These women were not raped, nor beaten, but "wallowed in the gutter" a practice which originated in medieval England to publicly humiliate prostitutes, says Dragan.  The action was staged by the Nazis for the purpose of shooting a newsreel, which is now available at the State Central Archives in Moscow and the U.S. National Archives in Washington.  In addition, 25 photographs taken that day record the sequence of events.  It is one of the photographs in this sequence that TIME chose for its story.

Three photographs from this sequence including TIME's are printed on the next page.

Three selected photographs from the sequence recording the "wallowing" of suspected NKVD collaborators in Lviv, July 1, 1941.  This is the series from which TIME chose the photograph it used in the February 22 story in the use of rape as a weapon of war.  The photograph on the left shows a woman being forcibly undressed as the mob begins the process of public humiliation which was played out for the benefit of Nazi cameramen recording a propaganda newsreel.  In the centre another woman crouches in the gutter after having been thrown there.  This is the photograph TIME printed along with the caption: "Traditions of atrocity: A Jewish girl raped by Ukrainians in Lvov, Poland, in 1945."  The photograph on the right shows yet a third woman calmly dressing after the "wallowing" was over and the camera crew packed up their bags for the day.  Please note the wall of Lviv's Brygidki prison.   PHOTOS COURTESY THE POLISH HISTORICAL SOCIETY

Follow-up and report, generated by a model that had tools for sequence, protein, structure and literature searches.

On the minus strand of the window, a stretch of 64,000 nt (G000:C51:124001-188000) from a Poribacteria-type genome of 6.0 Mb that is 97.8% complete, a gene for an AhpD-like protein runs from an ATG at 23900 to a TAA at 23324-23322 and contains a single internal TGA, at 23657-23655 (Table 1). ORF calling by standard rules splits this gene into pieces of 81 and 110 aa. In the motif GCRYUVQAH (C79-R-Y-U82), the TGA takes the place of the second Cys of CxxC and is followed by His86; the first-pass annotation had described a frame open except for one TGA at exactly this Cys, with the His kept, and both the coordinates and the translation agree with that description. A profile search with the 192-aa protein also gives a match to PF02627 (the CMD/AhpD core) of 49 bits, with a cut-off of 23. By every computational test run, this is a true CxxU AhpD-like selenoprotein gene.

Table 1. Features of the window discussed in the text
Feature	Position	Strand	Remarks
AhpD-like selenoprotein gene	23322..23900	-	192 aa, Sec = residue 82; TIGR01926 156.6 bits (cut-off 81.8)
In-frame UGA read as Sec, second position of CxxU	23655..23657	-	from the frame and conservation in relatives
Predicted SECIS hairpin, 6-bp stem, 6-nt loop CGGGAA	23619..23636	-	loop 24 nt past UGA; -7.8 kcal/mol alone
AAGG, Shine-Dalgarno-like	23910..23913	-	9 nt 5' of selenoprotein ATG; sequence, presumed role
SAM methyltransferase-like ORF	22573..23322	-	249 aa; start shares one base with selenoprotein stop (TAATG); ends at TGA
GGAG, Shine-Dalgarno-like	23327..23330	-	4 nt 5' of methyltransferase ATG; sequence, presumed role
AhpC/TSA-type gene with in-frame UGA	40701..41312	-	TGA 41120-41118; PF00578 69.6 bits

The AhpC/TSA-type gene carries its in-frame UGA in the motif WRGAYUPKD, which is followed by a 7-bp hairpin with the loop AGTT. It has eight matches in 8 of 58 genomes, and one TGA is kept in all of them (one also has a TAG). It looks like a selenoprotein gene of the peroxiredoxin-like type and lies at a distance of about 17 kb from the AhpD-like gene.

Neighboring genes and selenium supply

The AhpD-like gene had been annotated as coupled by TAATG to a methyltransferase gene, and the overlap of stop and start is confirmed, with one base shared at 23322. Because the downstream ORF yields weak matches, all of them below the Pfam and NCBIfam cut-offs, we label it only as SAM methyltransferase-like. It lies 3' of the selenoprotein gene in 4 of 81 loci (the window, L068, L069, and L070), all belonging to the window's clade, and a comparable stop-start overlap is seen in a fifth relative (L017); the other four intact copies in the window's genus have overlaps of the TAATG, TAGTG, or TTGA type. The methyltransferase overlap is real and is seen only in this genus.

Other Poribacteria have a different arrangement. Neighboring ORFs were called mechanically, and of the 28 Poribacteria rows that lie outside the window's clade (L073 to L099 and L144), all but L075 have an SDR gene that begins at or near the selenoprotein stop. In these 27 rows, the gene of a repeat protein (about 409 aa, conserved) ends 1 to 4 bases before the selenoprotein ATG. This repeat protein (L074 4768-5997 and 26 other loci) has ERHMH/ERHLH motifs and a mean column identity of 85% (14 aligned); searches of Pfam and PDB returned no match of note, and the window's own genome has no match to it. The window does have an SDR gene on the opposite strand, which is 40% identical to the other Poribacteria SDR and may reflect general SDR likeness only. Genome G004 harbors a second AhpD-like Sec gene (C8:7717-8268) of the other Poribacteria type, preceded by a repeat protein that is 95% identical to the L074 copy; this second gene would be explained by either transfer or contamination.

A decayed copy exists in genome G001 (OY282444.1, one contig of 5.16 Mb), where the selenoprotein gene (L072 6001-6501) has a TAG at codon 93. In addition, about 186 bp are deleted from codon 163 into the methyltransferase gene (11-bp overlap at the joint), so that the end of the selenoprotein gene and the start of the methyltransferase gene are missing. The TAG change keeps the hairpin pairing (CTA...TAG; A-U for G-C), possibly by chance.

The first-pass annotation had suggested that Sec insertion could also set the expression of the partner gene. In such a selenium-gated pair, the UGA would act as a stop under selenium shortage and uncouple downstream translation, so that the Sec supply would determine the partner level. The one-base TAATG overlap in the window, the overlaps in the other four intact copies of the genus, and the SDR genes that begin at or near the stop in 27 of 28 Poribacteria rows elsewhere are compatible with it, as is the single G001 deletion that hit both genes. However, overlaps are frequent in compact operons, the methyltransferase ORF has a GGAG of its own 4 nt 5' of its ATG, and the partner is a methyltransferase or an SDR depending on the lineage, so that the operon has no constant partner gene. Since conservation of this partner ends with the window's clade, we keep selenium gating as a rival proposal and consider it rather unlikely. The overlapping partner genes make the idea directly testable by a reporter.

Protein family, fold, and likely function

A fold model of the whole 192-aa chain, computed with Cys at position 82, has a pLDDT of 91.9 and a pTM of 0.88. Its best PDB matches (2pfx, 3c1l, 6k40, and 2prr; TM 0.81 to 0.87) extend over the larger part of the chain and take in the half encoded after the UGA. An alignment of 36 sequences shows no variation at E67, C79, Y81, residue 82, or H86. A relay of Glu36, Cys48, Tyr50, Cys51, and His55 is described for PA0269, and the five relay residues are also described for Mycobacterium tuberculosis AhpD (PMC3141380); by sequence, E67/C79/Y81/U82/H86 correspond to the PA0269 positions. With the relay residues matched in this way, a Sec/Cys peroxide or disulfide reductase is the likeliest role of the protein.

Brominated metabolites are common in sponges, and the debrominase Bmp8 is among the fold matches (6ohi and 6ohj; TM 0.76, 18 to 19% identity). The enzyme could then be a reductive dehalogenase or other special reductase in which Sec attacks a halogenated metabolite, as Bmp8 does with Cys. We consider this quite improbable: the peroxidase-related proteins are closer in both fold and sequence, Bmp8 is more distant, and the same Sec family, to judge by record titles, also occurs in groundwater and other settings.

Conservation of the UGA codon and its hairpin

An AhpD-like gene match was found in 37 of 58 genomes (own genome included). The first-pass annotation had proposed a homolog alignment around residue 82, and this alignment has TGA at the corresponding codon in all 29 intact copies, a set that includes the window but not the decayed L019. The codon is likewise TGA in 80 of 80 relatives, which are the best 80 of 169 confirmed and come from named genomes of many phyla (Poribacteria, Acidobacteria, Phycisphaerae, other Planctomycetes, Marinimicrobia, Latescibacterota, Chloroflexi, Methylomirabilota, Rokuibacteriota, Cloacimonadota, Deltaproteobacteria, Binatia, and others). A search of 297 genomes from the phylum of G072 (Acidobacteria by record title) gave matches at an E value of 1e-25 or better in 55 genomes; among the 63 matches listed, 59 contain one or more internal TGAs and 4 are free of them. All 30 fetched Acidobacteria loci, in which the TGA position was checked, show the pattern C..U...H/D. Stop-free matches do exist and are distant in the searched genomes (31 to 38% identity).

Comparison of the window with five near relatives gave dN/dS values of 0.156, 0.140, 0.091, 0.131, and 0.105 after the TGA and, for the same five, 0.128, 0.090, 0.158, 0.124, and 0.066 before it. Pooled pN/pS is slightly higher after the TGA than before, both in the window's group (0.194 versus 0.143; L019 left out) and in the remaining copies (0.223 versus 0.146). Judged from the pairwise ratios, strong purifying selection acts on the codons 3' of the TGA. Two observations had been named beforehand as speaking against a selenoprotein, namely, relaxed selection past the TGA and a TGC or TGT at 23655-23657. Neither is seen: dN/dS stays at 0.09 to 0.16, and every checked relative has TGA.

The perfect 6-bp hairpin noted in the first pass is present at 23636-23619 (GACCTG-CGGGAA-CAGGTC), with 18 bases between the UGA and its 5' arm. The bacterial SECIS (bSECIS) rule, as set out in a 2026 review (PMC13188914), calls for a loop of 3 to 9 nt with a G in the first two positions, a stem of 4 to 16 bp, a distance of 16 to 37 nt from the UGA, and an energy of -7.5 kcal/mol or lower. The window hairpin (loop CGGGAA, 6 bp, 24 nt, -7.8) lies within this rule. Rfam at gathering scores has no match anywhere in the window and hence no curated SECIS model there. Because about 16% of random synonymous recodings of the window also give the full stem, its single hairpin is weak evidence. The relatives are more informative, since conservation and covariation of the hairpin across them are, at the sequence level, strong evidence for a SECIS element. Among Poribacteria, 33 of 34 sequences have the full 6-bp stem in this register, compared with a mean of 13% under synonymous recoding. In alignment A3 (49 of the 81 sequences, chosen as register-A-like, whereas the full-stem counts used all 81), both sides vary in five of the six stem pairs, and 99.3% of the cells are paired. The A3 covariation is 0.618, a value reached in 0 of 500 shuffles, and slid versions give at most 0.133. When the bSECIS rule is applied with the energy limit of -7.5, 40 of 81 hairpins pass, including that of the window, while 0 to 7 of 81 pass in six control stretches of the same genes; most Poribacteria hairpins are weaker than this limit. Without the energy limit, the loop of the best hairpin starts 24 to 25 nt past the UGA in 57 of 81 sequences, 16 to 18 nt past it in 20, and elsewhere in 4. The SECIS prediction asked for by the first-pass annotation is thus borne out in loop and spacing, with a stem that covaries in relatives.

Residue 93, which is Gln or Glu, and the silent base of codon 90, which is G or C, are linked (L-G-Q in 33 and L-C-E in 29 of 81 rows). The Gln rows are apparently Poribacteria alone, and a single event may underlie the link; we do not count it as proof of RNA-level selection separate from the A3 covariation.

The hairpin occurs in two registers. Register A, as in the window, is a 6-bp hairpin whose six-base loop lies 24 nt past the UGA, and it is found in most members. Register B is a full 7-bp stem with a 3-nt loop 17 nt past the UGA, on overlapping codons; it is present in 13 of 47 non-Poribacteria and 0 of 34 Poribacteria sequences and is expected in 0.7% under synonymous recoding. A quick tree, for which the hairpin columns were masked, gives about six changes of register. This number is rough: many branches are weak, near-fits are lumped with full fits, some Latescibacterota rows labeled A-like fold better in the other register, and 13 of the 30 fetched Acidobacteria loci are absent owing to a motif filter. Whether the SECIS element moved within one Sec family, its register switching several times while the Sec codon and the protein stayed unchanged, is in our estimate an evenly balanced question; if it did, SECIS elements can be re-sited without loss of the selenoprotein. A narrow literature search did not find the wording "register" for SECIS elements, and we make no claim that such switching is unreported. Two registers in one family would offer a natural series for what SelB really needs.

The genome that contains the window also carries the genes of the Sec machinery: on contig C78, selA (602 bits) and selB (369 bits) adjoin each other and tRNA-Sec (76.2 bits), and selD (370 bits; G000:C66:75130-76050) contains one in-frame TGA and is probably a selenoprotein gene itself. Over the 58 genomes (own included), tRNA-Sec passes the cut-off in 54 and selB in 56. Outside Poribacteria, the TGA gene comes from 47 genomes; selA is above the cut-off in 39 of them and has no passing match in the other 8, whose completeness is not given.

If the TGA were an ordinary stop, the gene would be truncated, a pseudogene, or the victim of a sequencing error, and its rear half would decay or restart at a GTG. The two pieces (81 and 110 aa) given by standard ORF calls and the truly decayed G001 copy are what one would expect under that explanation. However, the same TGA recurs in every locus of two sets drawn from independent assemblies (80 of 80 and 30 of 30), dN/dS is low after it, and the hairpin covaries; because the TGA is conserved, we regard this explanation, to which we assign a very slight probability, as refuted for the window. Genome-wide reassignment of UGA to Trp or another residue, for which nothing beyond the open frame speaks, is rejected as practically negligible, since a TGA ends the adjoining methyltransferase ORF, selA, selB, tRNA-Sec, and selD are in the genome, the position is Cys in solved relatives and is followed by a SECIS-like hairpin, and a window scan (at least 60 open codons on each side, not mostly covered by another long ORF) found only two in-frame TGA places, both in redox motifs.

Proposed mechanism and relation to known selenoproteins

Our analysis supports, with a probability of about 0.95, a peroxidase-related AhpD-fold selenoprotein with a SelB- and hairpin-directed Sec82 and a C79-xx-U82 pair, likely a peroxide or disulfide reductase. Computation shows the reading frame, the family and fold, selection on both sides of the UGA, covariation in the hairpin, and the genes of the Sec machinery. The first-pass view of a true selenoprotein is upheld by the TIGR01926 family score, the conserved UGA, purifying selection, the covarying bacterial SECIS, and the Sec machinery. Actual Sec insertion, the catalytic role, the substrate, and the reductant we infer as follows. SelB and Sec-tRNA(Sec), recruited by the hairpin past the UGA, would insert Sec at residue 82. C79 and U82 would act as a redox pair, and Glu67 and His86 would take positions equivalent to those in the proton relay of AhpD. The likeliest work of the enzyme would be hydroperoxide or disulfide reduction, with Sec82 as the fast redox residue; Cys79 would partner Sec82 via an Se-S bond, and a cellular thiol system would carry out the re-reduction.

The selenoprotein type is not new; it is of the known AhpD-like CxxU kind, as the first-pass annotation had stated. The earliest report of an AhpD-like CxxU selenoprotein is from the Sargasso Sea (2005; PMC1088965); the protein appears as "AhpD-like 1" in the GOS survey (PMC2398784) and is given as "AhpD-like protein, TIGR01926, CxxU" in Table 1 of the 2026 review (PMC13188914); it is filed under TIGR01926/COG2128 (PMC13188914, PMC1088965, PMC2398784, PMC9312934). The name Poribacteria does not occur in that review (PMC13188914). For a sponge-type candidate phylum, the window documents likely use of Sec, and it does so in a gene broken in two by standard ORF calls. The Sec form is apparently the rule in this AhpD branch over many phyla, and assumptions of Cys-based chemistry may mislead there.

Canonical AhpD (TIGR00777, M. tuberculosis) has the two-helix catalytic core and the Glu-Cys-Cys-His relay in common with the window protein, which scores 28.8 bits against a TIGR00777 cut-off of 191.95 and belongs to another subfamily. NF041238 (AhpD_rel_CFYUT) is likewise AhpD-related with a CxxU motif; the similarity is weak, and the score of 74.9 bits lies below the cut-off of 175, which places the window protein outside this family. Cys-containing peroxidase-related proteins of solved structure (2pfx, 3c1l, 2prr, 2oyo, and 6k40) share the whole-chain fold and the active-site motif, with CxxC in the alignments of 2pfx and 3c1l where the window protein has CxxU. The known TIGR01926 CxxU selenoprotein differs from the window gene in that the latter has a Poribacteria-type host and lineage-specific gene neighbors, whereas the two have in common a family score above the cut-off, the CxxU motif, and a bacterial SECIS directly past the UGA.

As many of the fleeing NKVD officers were Jewish, the Nazis staged this event to "justify their codified anti-Semitism and enhance their war effort by publicizing 'Judeo-Bolshevik' atrocities and by portraying ethnic discord between the Soviet collaborators and/or Jews," explains Katelynsky in a letter faxed to TIME.  Katelynsky's letter states it is based on research from several authors and archivists from Lviv, Moscow, Warsaw, Jerusalem, Washington, New York and Toronto, along with Polish and Ukrainian eyewitnesses currently in Bytom, Lviv and Michigan and Jewish survivors in New York and Florida.

According to both Katelynsky and Dragan, several women suspected for collaborating with the NKVD were rounded up by street gangs organized by the Nazis, stripped naked, then thrown into the gutters in front of the prison.  The event lasted for a few hours.

"While the public humiliation of any female is deplorable, the other photos in the series show that these women left the scene intact.  Therefore TIME's published photo does not fit the atrocity and rape label pinned to it by TIME," says Katelynsky.

Moreover, he adds, this staged outburst of revenge was mild compared with the "bloody reprisals of the liberated French."

"In 1944 and 1945, countless women were publicly humiliated and over 15,000 of their compatriots were tortured, hanged, or shot for Nazi collaboration in France.  Yet the photographs of these bloody events are, for reasons of sensitivity, not published by the Western press and the events are rarely mentioned by historians," Katelynsky writes.

Both Dragan and Katelynsky contend these women were most likely not Jews, but Ukrainians, or Poles abandoned by the NKVD troops.  "Jewish women (intimate with the NKVD) were the first to be evacuated," says Dragan.

Caption "totally incorrect," U.S. Holocaust Memorial Museum archivist says